Adidas is shutting down its fitness wearable division as it prepares to leave the smartwatch and fitness band market segments, Portland Business Journal reported earlier this week. The move is described as not an unexpected one, with industry sources previously suggesting that the company has been reducing its focus on wearables in the last several years and the firm's own statements on the matter recently being ambiguous in regards to whether it will ever return to this product category. Poor commercial performance is understood to be the main reason why Adidas decided to dismantle its hardware unit, though the Herzogenaurach, Germany-based corporation never provided specific sales numbers for devices like the miCoach Fit Smart (seen above) and the miCoach Smart Run Watch.
Wearable apps with smartphone-enabled features like Runtastic will continue being supported by Adidas going forward as their future was never directly tied to the company's first-party hardware since they are also available on many other Android and iOS devices. The costs saved by the firm's decision to shut down its wearable segment will largely be redirected to such mobile software going forward, though it's currently unclear whether the move will result in major layoffs. The German sports clothing and accessory maker remains interested in fitness-oriented smartwatches and bands and will continue exploring them in a limited capacity but primarily through partnerships instead of expensive standalone efforts, as suggested by recent reports. The company previously announced an Adidas Edition of the Fitbit Ionic smartwatch which still doesn't have a firm release date attached to it but was already confirmed as being set to hit the market at some point in 2018, with recent rumors pointing to a spring release.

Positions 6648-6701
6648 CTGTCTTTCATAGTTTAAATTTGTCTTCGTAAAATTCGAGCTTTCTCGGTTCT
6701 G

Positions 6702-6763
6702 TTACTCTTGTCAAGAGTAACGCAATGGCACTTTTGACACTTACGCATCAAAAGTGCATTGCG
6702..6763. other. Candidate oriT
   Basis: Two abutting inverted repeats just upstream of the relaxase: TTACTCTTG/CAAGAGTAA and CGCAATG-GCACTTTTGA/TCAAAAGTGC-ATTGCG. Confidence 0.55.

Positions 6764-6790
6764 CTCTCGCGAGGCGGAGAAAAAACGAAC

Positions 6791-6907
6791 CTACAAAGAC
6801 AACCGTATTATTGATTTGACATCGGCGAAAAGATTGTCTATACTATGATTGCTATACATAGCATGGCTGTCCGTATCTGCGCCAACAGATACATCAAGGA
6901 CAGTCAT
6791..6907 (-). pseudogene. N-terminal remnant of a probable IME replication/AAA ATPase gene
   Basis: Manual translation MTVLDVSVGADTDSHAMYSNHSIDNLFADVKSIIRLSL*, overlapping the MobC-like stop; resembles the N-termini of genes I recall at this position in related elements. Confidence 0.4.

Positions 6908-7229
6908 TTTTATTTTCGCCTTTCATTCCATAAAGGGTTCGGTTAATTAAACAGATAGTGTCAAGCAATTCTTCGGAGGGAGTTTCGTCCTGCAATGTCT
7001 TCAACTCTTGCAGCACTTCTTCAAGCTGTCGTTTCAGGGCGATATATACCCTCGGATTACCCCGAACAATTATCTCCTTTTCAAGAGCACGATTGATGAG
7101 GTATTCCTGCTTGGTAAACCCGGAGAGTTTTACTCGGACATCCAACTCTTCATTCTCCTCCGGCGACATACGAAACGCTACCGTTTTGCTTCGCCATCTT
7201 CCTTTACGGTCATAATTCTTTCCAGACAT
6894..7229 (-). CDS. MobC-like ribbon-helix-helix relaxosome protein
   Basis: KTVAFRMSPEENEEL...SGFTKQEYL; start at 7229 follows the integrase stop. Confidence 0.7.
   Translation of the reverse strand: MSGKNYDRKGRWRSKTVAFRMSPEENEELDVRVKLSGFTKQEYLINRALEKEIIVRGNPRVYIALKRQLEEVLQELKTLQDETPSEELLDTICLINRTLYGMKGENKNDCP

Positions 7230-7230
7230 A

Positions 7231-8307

Adidas isn't the only clothing design company that unsuccessfully tried entering the wearable segment on its own, with Nike being another high-profile example of such efforts. The market as a whole is presently largely focused on fitness bands but remains dominated by experienced hardware manufacturers, many of whom can also afford to price their offerings in an extremely aggressive manner. According to most industry analysts, the appeal of fitness bands is likely to maintain its momentum in the coming years but that may not necessarily translate to additional competition on a global level.